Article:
Review by Tess Tabak
In This Mournable Body, a woman named Tambudzai grapples with the harsh realities of living in Zimbabwe after the Revolution of the 1990s.
The author, Tsitsi Dangarembga, writes on familiar topics (anxiety, existential dread) but set against a backdrop that’s truly harsh and depressing. Tambu is mistrustful of white people living in Zimbabwe – but this isn’t the crystal clear “us vs. them” of books set further in the past, like Chinua Achebe’s Things Fall Apart. The white people in this novel are somewhat further removed from the atrocities of their ancestors. In modern Zimbabwe, the lines have blurred. The white people that Tambu loathes haven’t done anything “wrong,” per se, except for profiting off the crimes of previous generations. Tambu acknowledges her advantages – she received a Western education at a prestigious school – but oppression means that she still can’t find a suitable job, unable to tolerate the way that white men steal her work for their own, or how she’s paid far less than her peers just because she’s black.
Meanwhile, Zimbabwe’s Revolution has put the entire country in a state of upheaval. The author doesn’t fill in the history, but it’s clear something bad happened, that upset the balance of power – and that the new government is filled with corruption. In her struggle for survival, Tambudzai becomes selfish. She watches her cousin trying to spread social good, creating a workshop to empower Zimbabwean girls, and reflects on the fact that not everyone “has the luxury of surviving without being obsessed with one’s own person.”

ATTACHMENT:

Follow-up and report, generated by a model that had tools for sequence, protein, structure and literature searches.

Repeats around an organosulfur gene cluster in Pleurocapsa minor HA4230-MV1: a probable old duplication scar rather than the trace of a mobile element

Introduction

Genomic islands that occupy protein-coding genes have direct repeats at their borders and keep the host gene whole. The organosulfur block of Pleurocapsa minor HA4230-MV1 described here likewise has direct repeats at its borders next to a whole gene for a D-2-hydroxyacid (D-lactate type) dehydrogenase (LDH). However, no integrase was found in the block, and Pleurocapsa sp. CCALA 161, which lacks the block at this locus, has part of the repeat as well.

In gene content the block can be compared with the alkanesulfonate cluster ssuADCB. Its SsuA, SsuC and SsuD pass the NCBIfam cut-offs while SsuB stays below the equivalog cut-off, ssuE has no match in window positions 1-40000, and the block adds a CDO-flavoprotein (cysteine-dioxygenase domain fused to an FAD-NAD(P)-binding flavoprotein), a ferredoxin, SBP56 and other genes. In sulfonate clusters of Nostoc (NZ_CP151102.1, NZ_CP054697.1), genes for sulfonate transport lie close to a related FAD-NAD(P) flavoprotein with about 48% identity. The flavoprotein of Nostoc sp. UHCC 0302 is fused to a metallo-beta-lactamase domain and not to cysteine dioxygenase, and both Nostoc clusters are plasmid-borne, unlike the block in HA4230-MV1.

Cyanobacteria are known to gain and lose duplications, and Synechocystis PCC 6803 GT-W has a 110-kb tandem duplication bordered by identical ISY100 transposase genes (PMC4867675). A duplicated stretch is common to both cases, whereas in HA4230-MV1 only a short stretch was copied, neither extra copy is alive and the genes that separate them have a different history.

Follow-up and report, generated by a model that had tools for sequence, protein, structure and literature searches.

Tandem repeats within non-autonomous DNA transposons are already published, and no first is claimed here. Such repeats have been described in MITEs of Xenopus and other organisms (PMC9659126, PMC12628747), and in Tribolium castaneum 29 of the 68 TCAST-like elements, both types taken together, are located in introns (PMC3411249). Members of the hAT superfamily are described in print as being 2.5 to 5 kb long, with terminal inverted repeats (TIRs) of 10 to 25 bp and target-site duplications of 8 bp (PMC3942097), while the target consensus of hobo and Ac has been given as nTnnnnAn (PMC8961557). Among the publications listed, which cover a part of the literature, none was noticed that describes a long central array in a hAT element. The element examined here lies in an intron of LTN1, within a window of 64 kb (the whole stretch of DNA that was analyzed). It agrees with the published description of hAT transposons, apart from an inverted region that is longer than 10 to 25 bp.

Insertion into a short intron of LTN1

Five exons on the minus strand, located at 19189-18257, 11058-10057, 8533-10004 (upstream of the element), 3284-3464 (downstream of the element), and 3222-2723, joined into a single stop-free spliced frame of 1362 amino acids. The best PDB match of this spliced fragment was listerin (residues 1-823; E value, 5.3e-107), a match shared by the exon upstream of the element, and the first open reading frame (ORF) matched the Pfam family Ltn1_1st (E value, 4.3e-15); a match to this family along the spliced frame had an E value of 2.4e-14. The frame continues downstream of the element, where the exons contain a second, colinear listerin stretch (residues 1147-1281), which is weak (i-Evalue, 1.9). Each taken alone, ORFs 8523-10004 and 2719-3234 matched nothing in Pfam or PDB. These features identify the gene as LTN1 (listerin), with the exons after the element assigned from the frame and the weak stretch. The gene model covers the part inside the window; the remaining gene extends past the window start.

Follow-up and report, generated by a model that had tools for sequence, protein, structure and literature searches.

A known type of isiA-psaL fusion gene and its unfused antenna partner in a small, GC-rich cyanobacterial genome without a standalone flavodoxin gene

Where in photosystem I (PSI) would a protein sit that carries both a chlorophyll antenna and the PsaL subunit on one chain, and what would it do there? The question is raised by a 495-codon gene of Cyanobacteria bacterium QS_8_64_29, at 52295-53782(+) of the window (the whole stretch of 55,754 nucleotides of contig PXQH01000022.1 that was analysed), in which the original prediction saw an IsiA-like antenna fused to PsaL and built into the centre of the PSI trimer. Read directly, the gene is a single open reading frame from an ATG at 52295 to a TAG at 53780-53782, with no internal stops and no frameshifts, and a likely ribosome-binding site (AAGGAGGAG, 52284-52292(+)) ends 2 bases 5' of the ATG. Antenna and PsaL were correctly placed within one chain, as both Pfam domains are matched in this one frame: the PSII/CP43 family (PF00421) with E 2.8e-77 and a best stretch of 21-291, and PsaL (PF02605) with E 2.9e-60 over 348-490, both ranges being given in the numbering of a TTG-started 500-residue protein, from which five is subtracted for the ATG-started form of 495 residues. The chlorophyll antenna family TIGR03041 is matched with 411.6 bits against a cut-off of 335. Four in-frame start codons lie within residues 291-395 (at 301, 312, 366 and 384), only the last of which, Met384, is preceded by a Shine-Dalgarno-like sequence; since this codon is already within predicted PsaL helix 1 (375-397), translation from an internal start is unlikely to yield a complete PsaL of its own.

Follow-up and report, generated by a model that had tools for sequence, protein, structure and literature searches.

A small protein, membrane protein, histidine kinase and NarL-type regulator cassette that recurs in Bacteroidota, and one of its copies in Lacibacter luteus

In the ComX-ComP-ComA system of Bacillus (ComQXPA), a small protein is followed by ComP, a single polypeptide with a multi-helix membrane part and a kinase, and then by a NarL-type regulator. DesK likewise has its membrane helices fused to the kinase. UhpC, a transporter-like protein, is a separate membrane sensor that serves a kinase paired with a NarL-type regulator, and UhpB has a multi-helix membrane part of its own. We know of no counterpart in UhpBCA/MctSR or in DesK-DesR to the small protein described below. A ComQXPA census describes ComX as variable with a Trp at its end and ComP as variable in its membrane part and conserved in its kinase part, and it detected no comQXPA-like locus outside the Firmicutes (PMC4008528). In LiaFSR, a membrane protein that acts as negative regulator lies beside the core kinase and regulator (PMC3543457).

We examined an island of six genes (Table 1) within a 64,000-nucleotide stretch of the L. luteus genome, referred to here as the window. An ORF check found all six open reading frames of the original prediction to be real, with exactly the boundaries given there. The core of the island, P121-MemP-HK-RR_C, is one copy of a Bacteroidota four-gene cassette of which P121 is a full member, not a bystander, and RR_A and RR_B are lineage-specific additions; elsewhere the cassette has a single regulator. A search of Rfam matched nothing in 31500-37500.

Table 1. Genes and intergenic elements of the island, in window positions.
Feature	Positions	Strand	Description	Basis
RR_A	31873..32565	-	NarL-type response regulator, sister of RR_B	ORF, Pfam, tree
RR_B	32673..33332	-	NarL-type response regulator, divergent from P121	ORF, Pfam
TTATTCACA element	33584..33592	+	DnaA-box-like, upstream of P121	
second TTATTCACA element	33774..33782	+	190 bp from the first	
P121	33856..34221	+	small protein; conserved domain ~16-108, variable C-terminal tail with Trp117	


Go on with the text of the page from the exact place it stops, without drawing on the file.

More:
We are deeply inside Tambu’s head for most of the novel. Tambu has a rich internal narration – the author’s use of the second person is very engaging. It simultaneously draws the reader closer into the action and conveys Tambu’s sense of depersonalization. Tambu is a very relatable narrator, in that she’s not extraordinarily brave or heroic or virtuous. She does what most of us would do in a dire situation. There’s a scene early on in the book where Tambu watches one of her white hostelmates beaten and does nothing – she’s paralyzed by her own thoughts, mired in anxiety.
The publication of this book is aptly timed, as President Mugabe recently died, leaving Zimbabwe once again in a state of turmoil. Aside from telling an engaging story about a woman plagued by fear and dread, This Mournable Body will hopefully open the eyes of Western readers to the history and politics of a region they may have been unfamiliar with.
This Mournable Body will be released August 7, 2018 from Graywolf Press.
The Furious Gazelle received a copy of this book in exchange for an honest review.